Mediating between law and mediation: time for both sides to declare a cease-fire

Time for ceasefire between mediation and lawLast week I got a phone call from a third-year law student interested in learning more about mediation. Toward the end of our conversation, she told me that her fellow students mocked her interest in mediation practice, dismissing it as “touchy-feely, Kumbaya-singing crap”.

Despite the fact that 21st century legal practice is going to demand more of lawyers than the moot courtroom skills that the first year drills into law students, these students have absorbed the message that negotiation and problem solving hold little value for the practicing attorney. It made me wonder what exactly their law school is teaching them.

Unfortunately, this contempt for and suspicion of mediation is not an anomaly in the law, although fortunately, too, I encounter it with less and less frequency these days as more lawyers are trained in mediation and more law schools teach mediation advocacy and negotiation skills.

Mediators, however, all too often show a similar disdain for litigation, as fellow blogger and mediator Chris Annunziata pointed out just like week, forgetting that the “alternative” in “alternative dispute resolution” denotes choice, and that sometimes court, not mediation, can be the best choice for disputants.

Bridging the divide between lawyers and mediators“, a series of posts I wrote two years ago, confronted this mutual distrust. As introduction I wrote,

Although one field goes so far as to frame itself as an alternative to the other, there is in fact much overlap and common ground between these two seemingly different fields.

There is much that each can learn from the other. Knowledge of one provides a deeper appreciation for the traditions and qualities of the other.

The problem though is that all too often attorneys and mediators view each other as rivals, not partners, in dispute resolution…

My goal is threefold: to help each field better understand and appreciate the other, challenge and debunk some urban legends, and to rehabilitate lawyers and mediators in each other’s eyes.

I propose, in effect, to mediate between mediation and the law.

I think it’s definitely time to rerun this series here on Mediation Channel. Law students, lawyers, and mediators, take note:

Intro: Bridging the divide

Part 1: Valuing the rule of law

Part 2: What mediators can do for lawyers

Part 3: What lawyers can do for mediators

6 responses to “Mediating between law and mediation: time for both sides to declare a cease-fire

  1. I was at a meeting of a community group deciding which of us would be among the six to meet with the mayor of Boston. One person put forth my name saying that my skills would be valuable in the meeting.
    Then, someone I didn’t really know said, “You’re a mediator right? We’ll, no offense but we don’t need a mediator. We need tough negotiator.”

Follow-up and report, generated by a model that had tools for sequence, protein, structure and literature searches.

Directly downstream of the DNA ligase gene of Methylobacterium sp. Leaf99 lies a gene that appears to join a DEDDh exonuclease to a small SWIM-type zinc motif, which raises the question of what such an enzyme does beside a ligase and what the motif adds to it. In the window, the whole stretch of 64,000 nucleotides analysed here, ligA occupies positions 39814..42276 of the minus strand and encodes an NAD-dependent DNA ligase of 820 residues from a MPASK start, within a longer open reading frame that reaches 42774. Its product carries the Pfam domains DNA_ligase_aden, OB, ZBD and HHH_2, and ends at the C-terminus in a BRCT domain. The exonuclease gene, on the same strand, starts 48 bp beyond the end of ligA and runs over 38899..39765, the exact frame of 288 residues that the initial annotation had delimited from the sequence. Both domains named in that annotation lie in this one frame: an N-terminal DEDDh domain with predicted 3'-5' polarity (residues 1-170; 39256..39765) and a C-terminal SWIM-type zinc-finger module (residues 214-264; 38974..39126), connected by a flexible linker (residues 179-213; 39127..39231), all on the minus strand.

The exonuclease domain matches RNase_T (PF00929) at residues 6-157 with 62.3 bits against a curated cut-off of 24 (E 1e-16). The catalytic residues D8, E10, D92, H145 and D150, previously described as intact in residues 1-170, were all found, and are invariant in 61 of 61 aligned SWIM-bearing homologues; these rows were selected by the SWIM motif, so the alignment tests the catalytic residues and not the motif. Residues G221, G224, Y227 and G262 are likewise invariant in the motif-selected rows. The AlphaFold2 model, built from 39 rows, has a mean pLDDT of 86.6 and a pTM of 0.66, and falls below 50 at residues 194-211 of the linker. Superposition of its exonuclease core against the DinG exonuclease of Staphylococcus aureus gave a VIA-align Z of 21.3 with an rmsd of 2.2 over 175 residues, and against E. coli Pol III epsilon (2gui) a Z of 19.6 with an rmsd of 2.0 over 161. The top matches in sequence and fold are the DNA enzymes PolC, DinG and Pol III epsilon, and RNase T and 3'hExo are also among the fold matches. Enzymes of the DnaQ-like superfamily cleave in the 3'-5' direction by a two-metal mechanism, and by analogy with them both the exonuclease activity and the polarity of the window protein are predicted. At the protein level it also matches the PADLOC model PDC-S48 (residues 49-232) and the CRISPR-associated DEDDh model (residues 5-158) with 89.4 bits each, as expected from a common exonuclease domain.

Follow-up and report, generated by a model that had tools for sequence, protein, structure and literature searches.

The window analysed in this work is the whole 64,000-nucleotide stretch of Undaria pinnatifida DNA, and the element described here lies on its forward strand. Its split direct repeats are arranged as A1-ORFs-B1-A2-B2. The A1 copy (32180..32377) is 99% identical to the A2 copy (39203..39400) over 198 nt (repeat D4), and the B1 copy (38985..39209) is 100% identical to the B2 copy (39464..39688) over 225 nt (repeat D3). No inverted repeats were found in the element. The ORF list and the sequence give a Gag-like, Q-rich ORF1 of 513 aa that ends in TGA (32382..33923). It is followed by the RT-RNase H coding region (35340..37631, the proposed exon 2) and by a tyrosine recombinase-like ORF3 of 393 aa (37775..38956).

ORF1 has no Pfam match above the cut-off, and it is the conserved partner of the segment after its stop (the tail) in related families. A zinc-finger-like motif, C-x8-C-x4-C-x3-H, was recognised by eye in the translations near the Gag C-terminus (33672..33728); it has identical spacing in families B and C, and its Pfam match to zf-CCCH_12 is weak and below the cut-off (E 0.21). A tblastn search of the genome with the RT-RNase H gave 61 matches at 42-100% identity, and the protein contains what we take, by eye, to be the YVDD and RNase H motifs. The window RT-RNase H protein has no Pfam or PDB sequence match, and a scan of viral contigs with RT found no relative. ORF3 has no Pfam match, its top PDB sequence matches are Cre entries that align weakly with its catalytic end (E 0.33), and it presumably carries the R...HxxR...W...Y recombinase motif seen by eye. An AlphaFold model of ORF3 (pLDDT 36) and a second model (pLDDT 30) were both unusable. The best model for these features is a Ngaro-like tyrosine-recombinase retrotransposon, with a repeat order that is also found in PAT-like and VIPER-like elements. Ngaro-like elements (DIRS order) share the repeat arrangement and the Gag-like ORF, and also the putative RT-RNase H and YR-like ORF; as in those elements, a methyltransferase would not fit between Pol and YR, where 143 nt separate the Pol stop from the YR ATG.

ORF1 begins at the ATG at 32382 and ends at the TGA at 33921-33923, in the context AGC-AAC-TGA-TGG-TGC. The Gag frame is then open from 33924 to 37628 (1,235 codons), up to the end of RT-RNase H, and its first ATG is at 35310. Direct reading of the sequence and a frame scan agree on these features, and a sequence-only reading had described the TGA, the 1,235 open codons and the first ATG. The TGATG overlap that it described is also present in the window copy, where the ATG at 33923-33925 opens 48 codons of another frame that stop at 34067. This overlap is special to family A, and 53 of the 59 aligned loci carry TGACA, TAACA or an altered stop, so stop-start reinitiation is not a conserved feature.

And what was his profession? Lawyer.
    In the end I did meet with the mayor. As we walked into his office I noticed two very cool guitars by his desk and we chatted about them for a while. The meeting proceeded in a friendly, collaborative manner. So much for toughness.

  2. Pingback: Mediation Naysayers Abound Despite Popularity | CKA Mediation and Arbitration Blog

  3. DB, great to have you drop by, as always. Yup, the assumption that mediators are just a bunch of Kumbaya-singing, group-hugging sissies has always bugged me. And good for you for demonstrating your effectiveness and proving the naysayers wrong.

  4. Diane – In public policy practice, I’ve certainly observed the contempt for mediation that some attorneys have – often based on very superficial knowledge of what collaboration is all about. But there are knowledgeable criticisms by lawyers of mediation and similar processes in the public policy field that need to be addressed. Unfortunately these are often glossed over or refuted out of concern to avoid “trashing the field” by many colleagues. I applaud your effort to mediate between the two professions because there is a great deal of misinformation and hostility rather than an attempt to look on them as separate strategies for arriving at meeting clients’ needs.

    Fine work, Diane. — John

  5. Nice try Diane, I respect you for the “calling” to do so, but… until the ABA changes their tune and stops trying to use the law as a lever to push out “non-lawyers” the “war” will never end.

  6. John, thanks. In my experience, I’ve seen the trash talk come from both sides. A couple of years ago I led a training with two colleagues on “Mediating the Legal Dispute”. Our first day provided an orientation to the legal system and to the rules of attorney professional conduct to mediators who were not attorneys. We were dismayed to hear the depth of the animosity many felt towards lawyers — and also to uncover the depth of misunderstanding and lack of knowledge about the law and lawyers. By the end of the day, those mediators had a very different perspective. It does cut both ways.

    I do appreciate your kind words, John, and thank you for your encouragement.

    Clayton, I would be grateful if you could show me some specifics. The ABA did issue in February 2002 a Resolution on Mediation and the Unauthorized Practice of Law which made clear that mediation does not constitute the practice of law, a victory for mediators who are not lawyers. (I know that some lawyers remain unpersuaded of course.) What examples can you give me of the ABA’s efforts to push out those who are not lawyers from the mediation profession? Thanks, Clayton. That would helpful. If that’s going on, let’s bring it out in the open.